MONDAY 3 JANUARY 2005.
NCL - CWL.
AIR WALES FLIGHT 6G 851.
ATR 42 300 REG G-SSEA (c/n 196).
All too soon my short trip was over. Newcastle is quite a sophisticated city with lots of attractions, especially Tyneside where much development has occurred since its joint bid with Gateshead (right across the river) for European Capital of Culture 2008 (which was won by Liverpool). I did not manage to get to the Angel of the North, another major attraction - but that will be the main attraction of another trip.
My flight 6G 851 was scheduled for departure at 0940HR. I thus arrived at the airport at 0825HR and checked in. As I did so I was able to admire the terminal at NCL. The terminal is quite large and spacious and has 2 rows of check-in desks, one lot mostly used by charters and bigger scheduled airlines like BA, the other row mostly handling the low-cost airlines like Ryanair and easyjet and also smaller airlines like Air Wales. I did not have any wait for check-in and, again with no luggage, I was sorted out very quickly. As for the airlines there is quite a wide range at NCL - the departure board featured flights by BA, AF, U2, FR, KL, SK, BE and several others.
I went upstairs with my friend to get some tea at the Costa outlet but found a very long line. After waiting a few minutes we decided to head downstairs instead to another Costa outlet and, with no line there, got our drinks. We chatted for several minutes until 0900HR, when I headed upstairs towards the security check area. As I cleared the security check, a passenger behind me was stopped - his bag was x-rayed and was found to contain a pair of scissors. Now, he argued that he had forgotten about it but, after all, 4 years after 11 September 2001 people are still forgetting the new restrictions of hand luggage! The officers were talking to him about what to do when I left - one cannot be too nosy in those sorts of situations.
It was then enough time to stroll around the departure lounge, which featured a lot of seats by the windows overlooking the tarmac. 2 BA planes were at the facility, namely A319-131 G-EUPV and 737-436 G-DOCF. I arrived just in time to see the Air Wales plane, G-SSEA, arrive from PLH and CWL - it touched down at 0905HR. The announcement for the flight back to CWL was made almost at the same time so I walked through the huge departure area, which contains many shops, and on to gate 9. As I arrived there a Cimber Air CRJ-200, OY-RJB arrived on an SK flight from CPH. It took up a remote stand and the passengers boarded a bus to the terminal. Beyond it the Channel Express 737-300, the HS 748 and the myTravel A320-213, G-SUEW were parked - none of them would move while I was there.
After waiting in the gate area for several minutes, the gate was opened at 0920HR and boarding was very quick. The 17 passengers boarded very quickly and soon the plane was pushed back at 0933HR. The safety briefing was given and the engines were started - the starboard engine first just before pushback then the port engine once pushback was complete. As the plane taxied out for take-off 3 easyjet planes arrived - the only 1 I got the number of was 737-73V G-EZJG. The plane taxied very quickly and took off at 0940HR - dead on time! It is not often that I have had such prompt on-time service on an airline. The departure was from runway 25.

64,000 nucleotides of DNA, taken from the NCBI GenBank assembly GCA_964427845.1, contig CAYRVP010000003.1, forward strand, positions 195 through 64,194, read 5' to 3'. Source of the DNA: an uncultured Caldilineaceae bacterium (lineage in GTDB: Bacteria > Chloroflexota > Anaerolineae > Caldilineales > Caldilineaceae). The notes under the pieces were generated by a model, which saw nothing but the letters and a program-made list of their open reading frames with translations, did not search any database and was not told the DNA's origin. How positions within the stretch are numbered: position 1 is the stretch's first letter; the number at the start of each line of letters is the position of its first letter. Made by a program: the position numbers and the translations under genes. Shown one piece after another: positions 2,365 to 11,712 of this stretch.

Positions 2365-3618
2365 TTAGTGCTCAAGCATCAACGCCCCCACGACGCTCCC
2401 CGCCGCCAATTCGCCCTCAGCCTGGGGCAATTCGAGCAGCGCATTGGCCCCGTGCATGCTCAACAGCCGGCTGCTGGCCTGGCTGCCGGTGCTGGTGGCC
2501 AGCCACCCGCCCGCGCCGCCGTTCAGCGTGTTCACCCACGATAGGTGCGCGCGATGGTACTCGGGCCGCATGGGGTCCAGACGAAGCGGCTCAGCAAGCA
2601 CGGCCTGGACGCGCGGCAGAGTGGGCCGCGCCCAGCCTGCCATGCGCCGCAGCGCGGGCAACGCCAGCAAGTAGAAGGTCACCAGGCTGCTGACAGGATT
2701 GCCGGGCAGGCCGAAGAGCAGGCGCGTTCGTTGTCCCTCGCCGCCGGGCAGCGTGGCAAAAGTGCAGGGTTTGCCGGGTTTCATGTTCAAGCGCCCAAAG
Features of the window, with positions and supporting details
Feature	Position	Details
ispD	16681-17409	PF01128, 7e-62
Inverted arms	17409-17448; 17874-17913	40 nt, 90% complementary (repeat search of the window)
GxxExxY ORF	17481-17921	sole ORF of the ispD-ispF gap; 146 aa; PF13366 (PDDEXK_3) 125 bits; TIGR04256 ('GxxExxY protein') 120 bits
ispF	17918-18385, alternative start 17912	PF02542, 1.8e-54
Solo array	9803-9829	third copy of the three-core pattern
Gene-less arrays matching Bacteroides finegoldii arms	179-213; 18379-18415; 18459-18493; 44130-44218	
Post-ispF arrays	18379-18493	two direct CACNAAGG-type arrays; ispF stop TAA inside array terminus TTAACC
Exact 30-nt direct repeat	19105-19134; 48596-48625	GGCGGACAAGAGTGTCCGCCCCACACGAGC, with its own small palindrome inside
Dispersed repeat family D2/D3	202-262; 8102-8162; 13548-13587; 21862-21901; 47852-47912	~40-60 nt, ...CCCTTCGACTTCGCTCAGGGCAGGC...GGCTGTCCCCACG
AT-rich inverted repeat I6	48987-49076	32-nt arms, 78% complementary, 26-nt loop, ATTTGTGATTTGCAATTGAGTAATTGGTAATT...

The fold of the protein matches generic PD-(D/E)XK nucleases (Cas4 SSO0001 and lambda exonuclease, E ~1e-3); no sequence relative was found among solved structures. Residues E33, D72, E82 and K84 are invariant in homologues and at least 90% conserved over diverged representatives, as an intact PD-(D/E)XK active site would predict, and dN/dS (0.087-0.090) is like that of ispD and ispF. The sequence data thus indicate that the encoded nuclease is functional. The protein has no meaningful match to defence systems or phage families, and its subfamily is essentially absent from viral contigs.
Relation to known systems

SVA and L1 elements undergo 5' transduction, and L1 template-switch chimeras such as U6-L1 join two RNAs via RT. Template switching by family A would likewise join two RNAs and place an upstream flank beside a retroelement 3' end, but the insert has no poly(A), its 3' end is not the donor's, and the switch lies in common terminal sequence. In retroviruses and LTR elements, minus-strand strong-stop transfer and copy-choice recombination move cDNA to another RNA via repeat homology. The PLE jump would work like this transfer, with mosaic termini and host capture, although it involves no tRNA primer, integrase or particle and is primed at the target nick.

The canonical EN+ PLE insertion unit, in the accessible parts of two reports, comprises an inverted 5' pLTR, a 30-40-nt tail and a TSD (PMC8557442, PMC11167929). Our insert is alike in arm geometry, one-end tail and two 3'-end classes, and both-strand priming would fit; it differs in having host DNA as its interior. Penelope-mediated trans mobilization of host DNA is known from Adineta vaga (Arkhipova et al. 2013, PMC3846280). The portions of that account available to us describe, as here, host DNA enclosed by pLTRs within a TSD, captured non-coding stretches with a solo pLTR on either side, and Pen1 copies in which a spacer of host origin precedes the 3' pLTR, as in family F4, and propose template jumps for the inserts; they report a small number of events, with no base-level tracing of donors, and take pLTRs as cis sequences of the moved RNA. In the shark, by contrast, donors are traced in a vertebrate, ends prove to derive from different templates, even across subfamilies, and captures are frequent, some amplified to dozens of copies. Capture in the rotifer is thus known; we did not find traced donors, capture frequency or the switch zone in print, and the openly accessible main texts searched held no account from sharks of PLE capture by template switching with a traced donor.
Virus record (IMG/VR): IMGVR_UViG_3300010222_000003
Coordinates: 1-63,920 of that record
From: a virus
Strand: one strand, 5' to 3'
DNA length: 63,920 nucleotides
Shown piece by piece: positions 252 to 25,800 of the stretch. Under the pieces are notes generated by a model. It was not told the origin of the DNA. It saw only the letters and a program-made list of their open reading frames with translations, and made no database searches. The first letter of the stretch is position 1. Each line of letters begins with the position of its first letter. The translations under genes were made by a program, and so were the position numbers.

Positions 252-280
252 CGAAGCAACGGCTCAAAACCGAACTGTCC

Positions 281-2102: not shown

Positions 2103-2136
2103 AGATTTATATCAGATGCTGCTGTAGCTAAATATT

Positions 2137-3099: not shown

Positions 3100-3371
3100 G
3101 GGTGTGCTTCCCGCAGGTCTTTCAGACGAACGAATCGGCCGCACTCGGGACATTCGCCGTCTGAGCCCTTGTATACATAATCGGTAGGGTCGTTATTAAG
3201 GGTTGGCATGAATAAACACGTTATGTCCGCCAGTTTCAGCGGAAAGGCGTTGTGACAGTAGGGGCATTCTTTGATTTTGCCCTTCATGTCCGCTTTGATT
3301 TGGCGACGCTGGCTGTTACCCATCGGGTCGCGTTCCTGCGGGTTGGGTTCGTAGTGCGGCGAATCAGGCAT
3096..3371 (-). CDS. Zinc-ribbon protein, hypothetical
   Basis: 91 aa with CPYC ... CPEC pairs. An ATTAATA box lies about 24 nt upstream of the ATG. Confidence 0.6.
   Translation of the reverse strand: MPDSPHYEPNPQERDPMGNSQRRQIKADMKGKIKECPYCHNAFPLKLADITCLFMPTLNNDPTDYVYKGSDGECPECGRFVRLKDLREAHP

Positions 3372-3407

The flight headed Westwards across the Yorkshire Dales and generally took the reverse route to the outward journey but heavy cloud cover obscured the view for much of the way. The plane ascended to 16 000ft (5000m). Initially the bright sunshine that illuminated the sky above the grey clouds revealed no other planes but, as the plane passed Manchester and Liverpool and headed Southwards for CWL several jets could be see flying past at altitude. Many of these appeared to be heading for London or the Continent while others were headed for North America. As for the ATR itself it again was very smooth but with a high cabin noise level. Additionally many of the seats had no tray tables - it looked as though some had been ripped out altogether. Is that meant as a cost-cutting exercise and if so why did some seats still have them? Certainly on G-TAWE all the seats had tray tables in place. On another note, both planes have 50 seats with 12 rows of 4 plus 2 rear-facing seats in front on the starboard side. On this flight I had seat 11A and thus sat on the port side just aft of the wing.
About 10 minutes after take-off the flight attendant, Andrea, came around with the trolley but nobody bought anything. Oh well, I guess that the passengers decided that they were not really up to this low-cost airline strategy. All the same, she was very professional.
At 1026HR the plane started its descent into CWL while still over South Powys. It soon descended and Cardiff (Caerdydd) passed on the port side. The plane then turned Westwards towards the airport, passing Barry (Y Barri) to the starboard and Weston super Mare and the Somerset coast further off to port. The landing occurred safely at 1040HR, a bit ahead of time (arrival was initially scheduled for 1100HR) but a favourable tail-wind helped the journey. The plane then taxied off runway 30 and parked to the East of the terminal in the same stand from where my outbound flight had departed. The other planes at CWL were another Air Wales ATR 42 (I did not get the number), bmibaby 737-5Q8 G-BVZH (just arrived from CDG) and KLM F70 PH-KZD.
After disembarking I walked straight through the arrivals area with my backpack and headed for the carpark to collect my car. As I got to my car I suddenly heard the shrill sound of JT8D engines and drove around to see what had come in. Lo and behold it was Ryanair 737-204 EI-CJF, proving that the old workhorses are still doing the DUB-CWL run. I headed into the city after that.
Overall this was a great little trip with Air Wales and as always I found their staff to be very professional and their services on time and reliable. I wish Happy New Year 2005 to everyone at Air Wales and to everyone on this great website, airliners.net. May we all have many great flying experiences and good lives in this year.